Tuesday, 7 August 2012

LSD Magazine interviews Russian Artist P183


 
A complex artist and a complex man - this is nothing quite so simple as political art. It is a proudly Russian voice striving for spiritual and mental freedom and the realisation of his country’s true potential. While creating some extraordinarily thought provoking art and urban interventions along the ride. We caught up with the man himself - despite the language barrier, it’s a fascinating insight into a beautifully subversive mind and son of struggles past and present...



Do you see your art as a form of resistance or as a form of reflection? Or is defining it missing the point? 

Every tool I use is a weapon. Living in an impoverished country and always battling to survive has defined my identity and so I can’t really conceive or discuss anything outside the struggle for freedom we have all fought so hard for here. For me, my art is a complete reflection of me and I am born out of resistance and struggle at core. That has been my life. So yes.... resistance.

Tell us about the projection work 

Once I started to venture down into subterranean Moscow and began immersing myself in the atmosphere of the past, I wanted something to create opportunities within it. But I hesitated to paint and leave a permanent mark as it would compromise that very atmosphere I found so fascinating. And then one day, down in the catacombs near a waterfall, a drop of water hit my torch and reflected the light through its prism onto the stone. Instantly – there it was a huge hole projected in shining brilliance onto the wall – almost looking like a portal. I realized then and there that I needed to build a fully autonomous, fully mobile projector that could operate from any voltage source – no matter how rough and ready. Once I had the tools in place – I began projecting pictures and photos onto the dungeons, the catacombs and the abandoned shelters – images of the times when all those abandoned spaces were part of people’s daily lives. As time passed, I started doing whole panoramics with the projector and began bringing the ghosts of history back to life within their original context – and there it was - underground light art.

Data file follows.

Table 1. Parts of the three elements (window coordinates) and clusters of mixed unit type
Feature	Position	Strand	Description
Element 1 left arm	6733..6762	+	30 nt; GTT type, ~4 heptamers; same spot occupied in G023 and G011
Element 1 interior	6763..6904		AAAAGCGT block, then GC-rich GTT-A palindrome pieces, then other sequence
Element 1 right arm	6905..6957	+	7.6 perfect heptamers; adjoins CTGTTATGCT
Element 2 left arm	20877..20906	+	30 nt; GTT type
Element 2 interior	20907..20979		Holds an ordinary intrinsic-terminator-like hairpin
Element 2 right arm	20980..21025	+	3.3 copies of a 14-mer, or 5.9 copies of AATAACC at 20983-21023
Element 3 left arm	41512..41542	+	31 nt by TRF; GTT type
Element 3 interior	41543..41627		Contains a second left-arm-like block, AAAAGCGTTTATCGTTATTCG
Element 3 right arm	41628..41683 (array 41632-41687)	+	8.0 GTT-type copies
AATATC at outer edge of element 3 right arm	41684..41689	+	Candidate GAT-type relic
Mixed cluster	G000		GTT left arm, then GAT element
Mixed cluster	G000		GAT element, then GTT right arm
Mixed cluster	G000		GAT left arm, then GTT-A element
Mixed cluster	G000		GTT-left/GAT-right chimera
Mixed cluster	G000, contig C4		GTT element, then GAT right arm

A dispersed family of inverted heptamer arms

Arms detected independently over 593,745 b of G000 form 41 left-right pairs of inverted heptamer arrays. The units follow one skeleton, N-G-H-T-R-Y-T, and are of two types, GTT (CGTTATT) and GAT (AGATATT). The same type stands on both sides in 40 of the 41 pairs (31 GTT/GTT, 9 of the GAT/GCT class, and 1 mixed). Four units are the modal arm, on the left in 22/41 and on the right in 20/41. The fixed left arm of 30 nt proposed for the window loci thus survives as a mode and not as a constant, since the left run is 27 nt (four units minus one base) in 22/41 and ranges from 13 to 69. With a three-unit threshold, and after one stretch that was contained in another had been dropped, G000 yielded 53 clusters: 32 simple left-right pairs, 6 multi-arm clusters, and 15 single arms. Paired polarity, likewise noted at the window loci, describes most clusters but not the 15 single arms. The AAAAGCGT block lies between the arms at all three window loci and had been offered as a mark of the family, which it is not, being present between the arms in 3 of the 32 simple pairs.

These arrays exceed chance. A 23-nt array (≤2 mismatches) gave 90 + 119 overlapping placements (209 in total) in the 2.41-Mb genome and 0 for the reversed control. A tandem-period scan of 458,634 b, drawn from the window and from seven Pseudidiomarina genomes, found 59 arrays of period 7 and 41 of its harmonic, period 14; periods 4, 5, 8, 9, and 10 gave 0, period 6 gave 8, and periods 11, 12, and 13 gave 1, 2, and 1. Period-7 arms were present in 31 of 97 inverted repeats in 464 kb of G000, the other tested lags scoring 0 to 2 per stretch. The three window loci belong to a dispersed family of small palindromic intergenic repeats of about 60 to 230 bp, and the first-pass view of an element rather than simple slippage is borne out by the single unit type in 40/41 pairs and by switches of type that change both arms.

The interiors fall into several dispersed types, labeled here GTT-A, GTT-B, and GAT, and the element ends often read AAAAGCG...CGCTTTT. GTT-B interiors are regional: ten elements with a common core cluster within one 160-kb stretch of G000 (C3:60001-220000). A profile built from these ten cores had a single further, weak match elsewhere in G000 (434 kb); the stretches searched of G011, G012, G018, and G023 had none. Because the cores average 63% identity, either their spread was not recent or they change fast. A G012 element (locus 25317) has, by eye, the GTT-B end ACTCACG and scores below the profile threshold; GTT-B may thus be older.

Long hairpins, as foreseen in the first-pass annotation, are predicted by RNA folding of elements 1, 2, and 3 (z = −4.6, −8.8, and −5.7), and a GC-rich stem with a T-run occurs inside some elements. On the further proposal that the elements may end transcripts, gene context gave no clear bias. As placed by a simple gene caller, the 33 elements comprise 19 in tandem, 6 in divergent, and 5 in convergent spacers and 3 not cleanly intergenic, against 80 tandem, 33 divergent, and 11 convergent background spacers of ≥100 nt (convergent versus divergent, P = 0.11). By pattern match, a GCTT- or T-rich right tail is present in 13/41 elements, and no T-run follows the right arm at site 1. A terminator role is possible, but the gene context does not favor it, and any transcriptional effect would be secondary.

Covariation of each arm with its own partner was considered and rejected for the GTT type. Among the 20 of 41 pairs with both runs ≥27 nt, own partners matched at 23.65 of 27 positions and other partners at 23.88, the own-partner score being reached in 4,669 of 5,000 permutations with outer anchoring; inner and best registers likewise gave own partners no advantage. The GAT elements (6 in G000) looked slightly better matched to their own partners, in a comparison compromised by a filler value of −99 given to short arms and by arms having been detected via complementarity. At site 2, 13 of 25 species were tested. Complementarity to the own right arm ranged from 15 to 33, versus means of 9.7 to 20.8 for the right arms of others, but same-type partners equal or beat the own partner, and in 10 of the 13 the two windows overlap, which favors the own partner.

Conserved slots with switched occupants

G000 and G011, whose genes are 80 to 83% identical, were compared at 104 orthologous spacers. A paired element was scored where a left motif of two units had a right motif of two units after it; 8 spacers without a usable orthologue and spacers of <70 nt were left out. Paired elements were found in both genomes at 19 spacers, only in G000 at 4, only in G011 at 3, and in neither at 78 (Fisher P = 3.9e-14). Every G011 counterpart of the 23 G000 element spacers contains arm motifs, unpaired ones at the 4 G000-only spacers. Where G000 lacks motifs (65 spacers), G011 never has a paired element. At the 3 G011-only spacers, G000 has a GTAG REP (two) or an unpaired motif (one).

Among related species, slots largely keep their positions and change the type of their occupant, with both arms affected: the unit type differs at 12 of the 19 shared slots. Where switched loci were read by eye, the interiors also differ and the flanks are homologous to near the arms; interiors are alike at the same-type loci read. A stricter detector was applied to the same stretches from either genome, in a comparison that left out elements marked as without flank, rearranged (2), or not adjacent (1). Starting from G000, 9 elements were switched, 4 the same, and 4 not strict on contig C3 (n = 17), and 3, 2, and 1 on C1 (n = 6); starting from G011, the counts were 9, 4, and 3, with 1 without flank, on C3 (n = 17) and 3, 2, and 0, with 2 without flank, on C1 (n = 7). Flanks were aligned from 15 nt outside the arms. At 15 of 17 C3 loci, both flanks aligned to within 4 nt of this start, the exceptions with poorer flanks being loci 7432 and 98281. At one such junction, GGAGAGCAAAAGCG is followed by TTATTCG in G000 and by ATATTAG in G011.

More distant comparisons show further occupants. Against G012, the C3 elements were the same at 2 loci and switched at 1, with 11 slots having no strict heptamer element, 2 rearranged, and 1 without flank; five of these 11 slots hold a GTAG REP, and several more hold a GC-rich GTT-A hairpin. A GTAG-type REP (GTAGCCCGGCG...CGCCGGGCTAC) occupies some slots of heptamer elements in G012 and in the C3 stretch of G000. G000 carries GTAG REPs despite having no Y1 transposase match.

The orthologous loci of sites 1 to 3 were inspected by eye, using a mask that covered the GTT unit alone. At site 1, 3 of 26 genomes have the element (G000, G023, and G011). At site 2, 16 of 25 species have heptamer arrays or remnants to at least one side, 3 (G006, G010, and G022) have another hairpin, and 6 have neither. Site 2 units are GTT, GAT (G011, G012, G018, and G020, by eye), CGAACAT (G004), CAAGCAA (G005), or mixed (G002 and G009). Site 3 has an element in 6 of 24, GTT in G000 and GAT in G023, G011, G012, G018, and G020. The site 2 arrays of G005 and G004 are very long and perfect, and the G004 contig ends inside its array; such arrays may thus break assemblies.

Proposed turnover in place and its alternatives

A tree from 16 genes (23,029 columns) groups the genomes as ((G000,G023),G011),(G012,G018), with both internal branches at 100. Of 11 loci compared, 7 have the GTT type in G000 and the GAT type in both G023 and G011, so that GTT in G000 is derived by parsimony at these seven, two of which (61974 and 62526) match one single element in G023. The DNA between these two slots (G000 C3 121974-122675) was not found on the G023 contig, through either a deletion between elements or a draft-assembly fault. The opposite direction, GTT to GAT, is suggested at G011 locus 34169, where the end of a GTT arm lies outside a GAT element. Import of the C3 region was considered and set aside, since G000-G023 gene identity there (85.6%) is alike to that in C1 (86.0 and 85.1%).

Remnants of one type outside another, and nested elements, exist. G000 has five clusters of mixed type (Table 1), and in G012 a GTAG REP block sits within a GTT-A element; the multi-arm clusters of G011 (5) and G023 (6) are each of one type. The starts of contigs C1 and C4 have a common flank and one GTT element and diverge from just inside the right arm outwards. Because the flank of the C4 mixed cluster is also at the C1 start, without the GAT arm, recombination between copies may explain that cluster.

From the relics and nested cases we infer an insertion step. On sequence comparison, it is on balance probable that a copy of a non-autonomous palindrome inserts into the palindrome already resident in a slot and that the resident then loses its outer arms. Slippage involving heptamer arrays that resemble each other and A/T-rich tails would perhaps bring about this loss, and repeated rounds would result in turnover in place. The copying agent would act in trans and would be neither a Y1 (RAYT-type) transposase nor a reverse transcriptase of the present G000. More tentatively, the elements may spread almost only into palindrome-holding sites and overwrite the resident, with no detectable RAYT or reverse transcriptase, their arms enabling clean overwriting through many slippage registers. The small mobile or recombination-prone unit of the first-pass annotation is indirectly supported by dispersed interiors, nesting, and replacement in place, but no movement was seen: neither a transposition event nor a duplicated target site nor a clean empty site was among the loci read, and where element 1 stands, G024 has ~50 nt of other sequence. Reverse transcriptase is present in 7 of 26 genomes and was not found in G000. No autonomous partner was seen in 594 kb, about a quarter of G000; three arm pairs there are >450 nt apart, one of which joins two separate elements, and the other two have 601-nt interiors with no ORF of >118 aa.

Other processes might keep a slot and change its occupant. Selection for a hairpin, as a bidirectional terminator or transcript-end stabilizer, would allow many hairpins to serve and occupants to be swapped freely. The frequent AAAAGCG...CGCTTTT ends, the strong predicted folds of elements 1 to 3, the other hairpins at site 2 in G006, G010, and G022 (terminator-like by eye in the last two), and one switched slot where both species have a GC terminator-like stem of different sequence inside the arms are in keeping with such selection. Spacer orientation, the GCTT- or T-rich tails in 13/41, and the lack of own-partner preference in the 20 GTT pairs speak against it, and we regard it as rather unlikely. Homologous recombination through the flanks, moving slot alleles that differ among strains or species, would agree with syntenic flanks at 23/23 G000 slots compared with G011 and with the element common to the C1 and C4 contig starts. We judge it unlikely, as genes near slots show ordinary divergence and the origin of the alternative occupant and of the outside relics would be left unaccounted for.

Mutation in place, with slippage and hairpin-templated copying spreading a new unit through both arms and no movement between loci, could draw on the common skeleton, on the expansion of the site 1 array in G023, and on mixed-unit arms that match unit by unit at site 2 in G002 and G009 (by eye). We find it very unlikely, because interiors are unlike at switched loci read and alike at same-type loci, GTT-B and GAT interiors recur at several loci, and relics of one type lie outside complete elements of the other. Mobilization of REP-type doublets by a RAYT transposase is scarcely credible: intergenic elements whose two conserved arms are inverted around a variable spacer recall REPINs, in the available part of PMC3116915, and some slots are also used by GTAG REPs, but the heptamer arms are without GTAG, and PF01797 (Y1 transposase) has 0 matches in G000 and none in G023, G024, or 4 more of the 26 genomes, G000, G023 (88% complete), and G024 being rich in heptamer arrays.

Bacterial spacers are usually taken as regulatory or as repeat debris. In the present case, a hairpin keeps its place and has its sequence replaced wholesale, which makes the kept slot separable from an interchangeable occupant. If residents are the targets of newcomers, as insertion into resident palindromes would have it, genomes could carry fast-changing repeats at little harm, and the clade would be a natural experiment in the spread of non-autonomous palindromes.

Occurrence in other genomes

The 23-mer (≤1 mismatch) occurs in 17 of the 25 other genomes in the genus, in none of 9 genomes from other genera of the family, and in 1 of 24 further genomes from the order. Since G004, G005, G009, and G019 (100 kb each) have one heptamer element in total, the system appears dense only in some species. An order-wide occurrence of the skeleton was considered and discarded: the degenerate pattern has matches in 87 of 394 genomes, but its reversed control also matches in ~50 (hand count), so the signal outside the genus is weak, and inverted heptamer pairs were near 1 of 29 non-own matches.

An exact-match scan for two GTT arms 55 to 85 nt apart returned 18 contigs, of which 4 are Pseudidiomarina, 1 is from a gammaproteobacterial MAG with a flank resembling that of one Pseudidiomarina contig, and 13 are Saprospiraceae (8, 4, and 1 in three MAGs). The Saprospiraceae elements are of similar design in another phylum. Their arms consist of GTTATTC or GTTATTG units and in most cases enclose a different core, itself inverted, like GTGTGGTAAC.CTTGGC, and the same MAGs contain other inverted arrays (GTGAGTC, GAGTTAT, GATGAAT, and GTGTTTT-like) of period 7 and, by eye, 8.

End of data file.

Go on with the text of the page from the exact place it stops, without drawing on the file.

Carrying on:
If you were caught by the police – what would happen? 

Anything can happen – it all depends on the circumstances. Saying that, most problems can be solved without too much stress as all of my work has meaning and they the police do become aware of that meaning and treat me with relative care.



Where is the line between working for free and free expression?

Unfortunately, I depend on having some sort of income to have the means to implement my ideas. I have always held a clear line between art and earnings. And by the way, the same line exists between vandalism and art, because vandalism in its purest form is for me, one of the essential forms of expression itself. I want to carry the ideas and thoughts of the dead and the forgotten genius of my country, I want to raise their thoughts and the truth for which they fought. I want to help people to think and live better.

               READ FULL INTERVIEW HERE IN ISSUE 9

READ LSD MAGAZINE ISSUE 9 - FREE (Below)

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